Quelle horror! NYT restaurant critic Frank Bruni has a friend with an iPhone 3G—with its Urbanspoon application—and he's all ready to eat! Problem is, the restaurant-recommending app is proving to be spotty at best—like a bored, difficult concierge. What did it advise for our office's block—Elizabeth Street below Houston?
Everyone likes to talk up Apple's innovative design. It's a much more attractive story than the real reason why Apple has come to dominate first the MP3 player market, and soon, the smartphone market: Ruthless haggling with suppliers to lock up crucial components, shutting out rivals. Apple is buying 50 million 8-gigabyte memory chips from Samsung — the kind used in its entry-level iPhone 3G — and Samsung is cutting off other customers as a result of tight supplies. [DigiTimes]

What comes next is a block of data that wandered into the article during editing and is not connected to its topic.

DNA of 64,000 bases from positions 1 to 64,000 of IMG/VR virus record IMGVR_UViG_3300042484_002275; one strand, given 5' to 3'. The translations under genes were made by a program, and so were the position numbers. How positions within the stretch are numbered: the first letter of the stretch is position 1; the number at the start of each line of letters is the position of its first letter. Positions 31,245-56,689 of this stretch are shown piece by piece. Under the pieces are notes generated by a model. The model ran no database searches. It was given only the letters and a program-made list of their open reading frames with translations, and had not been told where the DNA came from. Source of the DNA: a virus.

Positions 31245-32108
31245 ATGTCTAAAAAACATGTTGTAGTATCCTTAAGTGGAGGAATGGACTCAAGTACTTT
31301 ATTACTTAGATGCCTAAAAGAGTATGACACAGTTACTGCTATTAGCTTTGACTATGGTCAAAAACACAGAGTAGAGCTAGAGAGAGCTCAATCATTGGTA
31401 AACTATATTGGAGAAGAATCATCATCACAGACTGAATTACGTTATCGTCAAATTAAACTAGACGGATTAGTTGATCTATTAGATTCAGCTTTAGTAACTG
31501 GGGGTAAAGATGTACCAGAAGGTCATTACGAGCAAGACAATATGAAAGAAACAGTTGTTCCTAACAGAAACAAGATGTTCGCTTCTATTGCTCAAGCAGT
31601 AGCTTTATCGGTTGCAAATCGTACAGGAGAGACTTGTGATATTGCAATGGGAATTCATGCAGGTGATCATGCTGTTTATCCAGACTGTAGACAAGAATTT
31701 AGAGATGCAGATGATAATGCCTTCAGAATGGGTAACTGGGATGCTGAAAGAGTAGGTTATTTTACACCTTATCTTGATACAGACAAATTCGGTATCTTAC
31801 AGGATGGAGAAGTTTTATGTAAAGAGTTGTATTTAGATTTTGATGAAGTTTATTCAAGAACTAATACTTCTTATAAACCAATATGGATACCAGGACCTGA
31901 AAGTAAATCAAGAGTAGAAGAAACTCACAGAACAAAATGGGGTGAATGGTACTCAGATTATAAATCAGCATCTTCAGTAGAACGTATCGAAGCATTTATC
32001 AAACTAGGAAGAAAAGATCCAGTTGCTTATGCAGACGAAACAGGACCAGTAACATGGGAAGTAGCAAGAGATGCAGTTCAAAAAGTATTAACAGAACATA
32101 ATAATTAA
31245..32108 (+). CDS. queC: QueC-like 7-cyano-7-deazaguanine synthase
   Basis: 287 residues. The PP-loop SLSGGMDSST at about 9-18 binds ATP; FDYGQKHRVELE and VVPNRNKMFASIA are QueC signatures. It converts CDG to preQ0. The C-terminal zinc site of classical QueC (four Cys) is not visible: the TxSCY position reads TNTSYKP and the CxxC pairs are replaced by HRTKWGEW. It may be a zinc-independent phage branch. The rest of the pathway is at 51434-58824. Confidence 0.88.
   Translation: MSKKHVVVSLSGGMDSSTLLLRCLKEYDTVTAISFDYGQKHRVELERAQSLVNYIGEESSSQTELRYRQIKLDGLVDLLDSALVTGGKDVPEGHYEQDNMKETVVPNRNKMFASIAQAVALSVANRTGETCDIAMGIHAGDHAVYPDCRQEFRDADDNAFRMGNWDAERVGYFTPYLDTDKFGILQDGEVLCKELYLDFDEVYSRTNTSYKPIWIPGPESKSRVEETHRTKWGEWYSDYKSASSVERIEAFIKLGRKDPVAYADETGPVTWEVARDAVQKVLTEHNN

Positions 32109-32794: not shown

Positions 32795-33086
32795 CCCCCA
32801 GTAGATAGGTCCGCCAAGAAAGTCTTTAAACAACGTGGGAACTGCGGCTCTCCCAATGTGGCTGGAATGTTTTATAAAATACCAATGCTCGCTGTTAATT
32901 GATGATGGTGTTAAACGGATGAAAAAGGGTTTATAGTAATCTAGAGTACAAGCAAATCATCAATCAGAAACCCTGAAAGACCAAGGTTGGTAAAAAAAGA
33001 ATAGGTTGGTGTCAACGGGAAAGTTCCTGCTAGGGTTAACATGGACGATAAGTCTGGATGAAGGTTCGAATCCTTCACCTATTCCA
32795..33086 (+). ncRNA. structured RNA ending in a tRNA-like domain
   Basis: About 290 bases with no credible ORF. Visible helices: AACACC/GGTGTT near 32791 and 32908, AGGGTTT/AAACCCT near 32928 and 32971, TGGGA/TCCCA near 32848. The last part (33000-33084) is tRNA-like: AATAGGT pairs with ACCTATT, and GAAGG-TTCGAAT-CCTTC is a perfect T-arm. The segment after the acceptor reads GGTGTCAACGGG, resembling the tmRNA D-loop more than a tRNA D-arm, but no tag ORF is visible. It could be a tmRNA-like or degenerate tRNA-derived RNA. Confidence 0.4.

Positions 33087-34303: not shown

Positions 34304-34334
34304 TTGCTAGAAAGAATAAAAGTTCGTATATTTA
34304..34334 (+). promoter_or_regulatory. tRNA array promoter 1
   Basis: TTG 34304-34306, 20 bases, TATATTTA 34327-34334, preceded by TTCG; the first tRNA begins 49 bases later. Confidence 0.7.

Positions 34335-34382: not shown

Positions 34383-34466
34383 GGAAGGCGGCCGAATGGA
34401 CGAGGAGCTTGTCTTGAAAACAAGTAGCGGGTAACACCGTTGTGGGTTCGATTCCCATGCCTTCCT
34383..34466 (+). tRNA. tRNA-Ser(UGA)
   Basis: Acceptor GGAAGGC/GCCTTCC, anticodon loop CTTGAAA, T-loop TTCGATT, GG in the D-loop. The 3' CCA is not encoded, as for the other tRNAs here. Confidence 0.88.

One of the reasons that 3G data networks are so fast, especially here in the United States, is that relatively few people use them. However, go to a technology conference where the density of EVDO users reaches a critical mass and suddenly those zippy downloads begin to slow. A room full of iPhone owners frustrated by slowdowns over AT&T's network isn't the customer experience I think Steve Jobs was imagining. [GigaOm]
Chinese electronics manufacturer Foxconn will manufacture and ship the first batch of new, faster 3G-network enabled iPhones by June, according to reports from Taipei, Taiwan. 3 million should ship that month, and an estimated 25 million over the life of the product. Foxconn is the sole manufacturer of the current generation of iPhones. But it has also been known to break Chinese labor laws — not that such practices would stop your typical antiwar environmentalist here in the Bay Area from upgrading. After all, that Yes, We Can video will download so much faster from YouTube now! (Photo by AP/Jason DeCrow)